Since your priority are landscapes, the 6D's center focus point is superb, even in the lowest of light situations. The 6D could open up a world of astro and night landscape photography for you.

More regurgitated nonsense once again. There are countless posts here showing just how 'poor' the 6D is for moving objects. Those that own the 6D know that the focus system bashing is simply diatribe.

Buy the camera and use it for whatever purpose you see fit; portraits, wildlife, sports, landscape. The only limitations that camera has are in the person holding it.


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Nethawked
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Sep 20, 2016 07:56 |  #10

The limitations to AF are well-known and documented, but this doesn't mean the 6D is an inferior camera. As stated above, if you can keep the center AF point tracking on a subject then AI-SERVO is an effective tool. For ONE SHOT, focus and recompose, an old habit from film days, is necessary.

The Canon 6D is a fine camera, just understand and know how (and when) to work around its limitations and it will serve you well.




  
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eddieb1
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Sep 20, 2016 10:00 |  #11

saea501 wrote in post #18134066 (external link)
More regurgitated nonsense once again. There are countless posts here showing just how 'poor' the 6D is for moving objects. Those that own the 6D know that the focus system bashing is simply diatribe.

Buy the camera and use it for whatever purpose you see fit; portraits, wildlife, sports, landscape. The only limitations that camera has are in the person holding it.

Very well said. I am sooooooooo tired of hearing about the "poor 6D AF". It's a great camera. From what I figure, if you can't use the 6D AF, it's most likely you, and not the camera.




  
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01Ryan10
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Sep 20, 2016 11:12 |  #12

saea501 wrote in post #18134066 (external link)
More regurgitated nonsense once again. There are countless posts here showing just how 'poor' the 6D is for moving objects. Those that own the 6D know that the focus system bashing is simply diatribe.

Buy the camera and use it for whatever purpose you see fit; portraits, wildlife, sports, landscape. The only limitations that camera has are in the person holding it.


I'll disagree. I've read a lot of articles that prove the outer focus points are terrible. As I first stated though, center point is fantastic for moving subjects.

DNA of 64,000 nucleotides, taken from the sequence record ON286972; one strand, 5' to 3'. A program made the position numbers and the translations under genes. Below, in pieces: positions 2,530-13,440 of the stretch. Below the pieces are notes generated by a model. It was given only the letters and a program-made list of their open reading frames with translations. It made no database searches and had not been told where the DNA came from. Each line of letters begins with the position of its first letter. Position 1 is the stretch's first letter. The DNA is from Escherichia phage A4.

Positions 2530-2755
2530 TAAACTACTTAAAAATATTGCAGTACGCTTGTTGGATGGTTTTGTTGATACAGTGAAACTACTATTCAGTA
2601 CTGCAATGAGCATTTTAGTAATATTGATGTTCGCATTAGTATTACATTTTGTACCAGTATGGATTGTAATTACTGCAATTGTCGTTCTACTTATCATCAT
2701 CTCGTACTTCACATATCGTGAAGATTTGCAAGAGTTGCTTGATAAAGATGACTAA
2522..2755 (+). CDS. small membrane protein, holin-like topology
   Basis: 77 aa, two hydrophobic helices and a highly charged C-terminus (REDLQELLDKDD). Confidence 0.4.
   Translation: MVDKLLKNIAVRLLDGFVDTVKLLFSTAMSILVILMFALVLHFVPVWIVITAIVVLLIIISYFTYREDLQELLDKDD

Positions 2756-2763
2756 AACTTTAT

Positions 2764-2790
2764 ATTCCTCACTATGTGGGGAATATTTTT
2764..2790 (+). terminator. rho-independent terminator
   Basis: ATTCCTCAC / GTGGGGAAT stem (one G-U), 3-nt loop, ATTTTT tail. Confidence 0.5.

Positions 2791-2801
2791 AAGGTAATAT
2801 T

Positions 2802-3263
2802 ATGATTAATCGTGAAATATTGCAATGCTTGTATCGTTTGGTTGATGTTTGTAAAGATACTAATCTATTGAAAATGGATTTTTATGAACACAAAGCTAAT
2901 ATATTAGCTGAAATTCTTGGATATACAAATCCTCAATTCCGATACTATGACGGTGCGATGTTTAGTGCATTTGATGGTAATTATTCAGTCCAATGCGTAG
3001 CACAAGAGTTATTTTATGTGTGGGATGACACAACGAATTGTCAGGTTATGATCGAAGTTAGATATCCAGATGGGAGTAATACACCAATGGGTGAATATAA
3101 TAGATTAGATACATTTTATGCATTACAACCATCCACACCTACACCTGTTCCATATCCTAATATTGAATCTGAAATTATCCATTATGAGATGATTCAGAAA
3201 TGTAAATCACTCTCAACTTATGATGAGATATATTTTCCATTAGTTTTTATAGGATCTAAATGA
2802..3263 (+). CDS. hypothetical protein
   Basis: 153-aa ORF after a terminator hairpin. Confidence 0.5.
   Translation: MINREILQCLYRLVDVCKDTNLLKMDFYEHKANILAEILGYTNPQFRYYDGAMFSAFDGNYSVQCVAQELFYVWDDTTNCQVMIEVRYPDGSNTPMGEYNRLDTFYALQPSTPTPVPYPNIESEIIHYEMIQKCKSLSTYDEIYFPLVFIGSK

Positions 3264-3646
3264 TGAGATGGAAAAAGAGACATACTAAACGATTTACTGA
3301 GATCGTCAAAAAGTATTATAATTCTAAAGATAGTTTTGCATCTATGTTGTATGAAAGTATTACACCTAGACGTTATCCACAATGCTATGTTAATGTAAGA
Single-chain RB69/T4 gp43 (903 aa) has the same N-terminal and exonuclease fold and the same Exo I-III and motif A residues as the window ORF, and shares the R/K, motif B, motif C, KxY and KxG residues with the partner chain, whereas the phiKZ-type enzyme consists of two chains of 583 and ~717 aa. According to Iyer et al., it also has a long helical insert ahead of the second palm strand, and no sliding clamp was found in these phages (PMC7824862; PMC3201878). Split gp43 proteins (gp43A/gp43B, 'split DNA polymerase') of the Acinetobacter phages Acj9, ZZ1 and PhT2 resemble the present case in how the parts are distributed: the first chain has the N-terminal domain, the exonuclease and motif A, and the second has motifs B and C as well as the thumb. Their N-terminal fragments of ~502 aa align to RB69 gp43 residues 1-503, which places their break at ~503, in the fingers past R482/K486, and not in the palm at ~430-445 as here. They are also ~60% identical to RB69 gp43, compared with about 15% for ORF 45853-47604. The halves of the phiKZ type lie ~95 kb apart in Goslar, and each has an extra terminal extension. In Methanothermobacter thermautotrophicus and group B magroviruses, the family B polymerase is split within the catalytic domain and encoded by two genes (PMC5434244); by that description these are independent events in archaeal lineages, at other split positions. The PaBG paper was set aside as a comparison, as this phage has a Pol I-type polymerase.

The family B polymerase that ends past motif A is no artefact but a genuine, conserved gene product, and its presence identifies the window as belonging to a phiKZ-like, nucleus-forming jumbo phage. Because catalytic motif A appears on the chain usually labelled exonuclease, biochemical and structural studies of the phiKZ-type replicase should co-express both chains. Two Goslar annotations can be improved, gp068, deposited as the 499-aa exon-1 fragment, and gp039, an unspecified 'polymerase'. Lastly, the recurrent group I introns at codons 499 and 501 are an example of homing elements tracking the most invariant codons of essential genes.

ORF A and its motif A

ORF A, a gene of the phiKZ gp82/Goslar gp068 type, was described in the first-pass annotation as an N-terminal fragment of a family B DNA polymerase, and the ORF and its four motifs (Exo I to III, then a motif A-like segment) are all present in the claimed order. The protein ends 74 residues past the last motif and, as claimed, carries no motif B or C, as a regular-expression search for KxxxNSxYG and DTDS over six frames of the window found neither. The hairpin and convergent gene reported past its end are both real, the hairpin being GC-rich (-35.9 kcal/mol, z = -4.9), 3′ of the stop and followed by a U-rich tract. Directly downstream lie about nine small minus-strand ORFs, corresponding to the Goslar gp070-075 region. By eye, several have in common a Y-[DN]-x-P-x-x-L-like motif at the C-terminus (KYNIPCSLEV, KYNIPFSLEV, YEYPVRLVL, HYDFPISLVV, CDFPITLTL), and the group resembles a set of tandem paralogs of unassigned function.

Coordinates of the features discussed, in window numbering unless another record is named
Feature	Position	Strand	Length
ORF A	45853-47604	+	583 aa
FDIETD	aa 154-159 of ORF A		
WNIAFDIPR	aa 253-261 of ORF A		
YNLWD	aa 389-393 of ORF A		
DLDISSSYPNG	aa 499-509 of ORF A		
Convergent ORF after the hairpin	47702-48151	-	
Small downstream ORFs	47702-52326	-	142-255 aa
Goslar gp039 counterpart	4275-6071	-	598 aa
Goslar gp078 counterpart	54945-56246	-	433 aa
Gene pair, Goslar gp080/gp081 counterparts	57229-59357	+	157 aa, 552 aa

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eddieb1
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Sep 20, 2016 12:10 |  #13

01Ryan10 wrote in post #18134304 (external link)
I'll disagree. I've read a lot of articles that prove the outer focus points are terrible. As I first stated though, center point is fantastic for moving subjects.

Again, someone who has never owned one, giving opinion with no first hand knowledge. Oh, but wait! If it's on the internet, it must be true!!!!!!!!!!!!:rolleyes:




  
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Post edited over 1 year ago by ksbal. (4 edits in all)
     
Sep 20, 2016 13:31 as a reply to  @ eddieb1's post |  #14

Is the AF on the 5D2 comparable to the 6D? because my experience with the 5D2 had me go with the 5D3.

NOTHING more frustrating for the camera to lock and click on an outer point, and find the file was off focus enough so only web size was acceptable. If you use the out points a bunch on the 70D, then you might find the AF on the 6D lacking.

And as to the comment on once you go full frame, you won't go back to crop... I think that was once true, when crop sensors were bad at higher iso's. They still don't equal FF but I use mine interchangeably ... an while I do like my 5D3, and it was better in a small indoor arena, the buffer limits have me frustrated compared to my 7D2. The 7D2 works much better in a bigger indoor arena with the same lens.

Horses for courses.. I can use either camera well in all my situations of shooting, but one does better for somethings, and the other, for other things.


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Post edited over 1 year ago by flowrider. (2 edits in all)
     
Sep 20, 2016 13:53 |  #15

I have a 6D. Static subjects with good light the outer points are okay. In bad light with little contrast forget it. Center point is terrific. AiServo is not bad unless the subject is coming at you at a high rate of speed but that may be asking too much of it. AiServo and outer points, I don't even bother.

I had a 5Dc as well. I miss the expansion points of the 5Dc for AiServo with the center point.


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Thinking about renting a 6D. Anything I should know?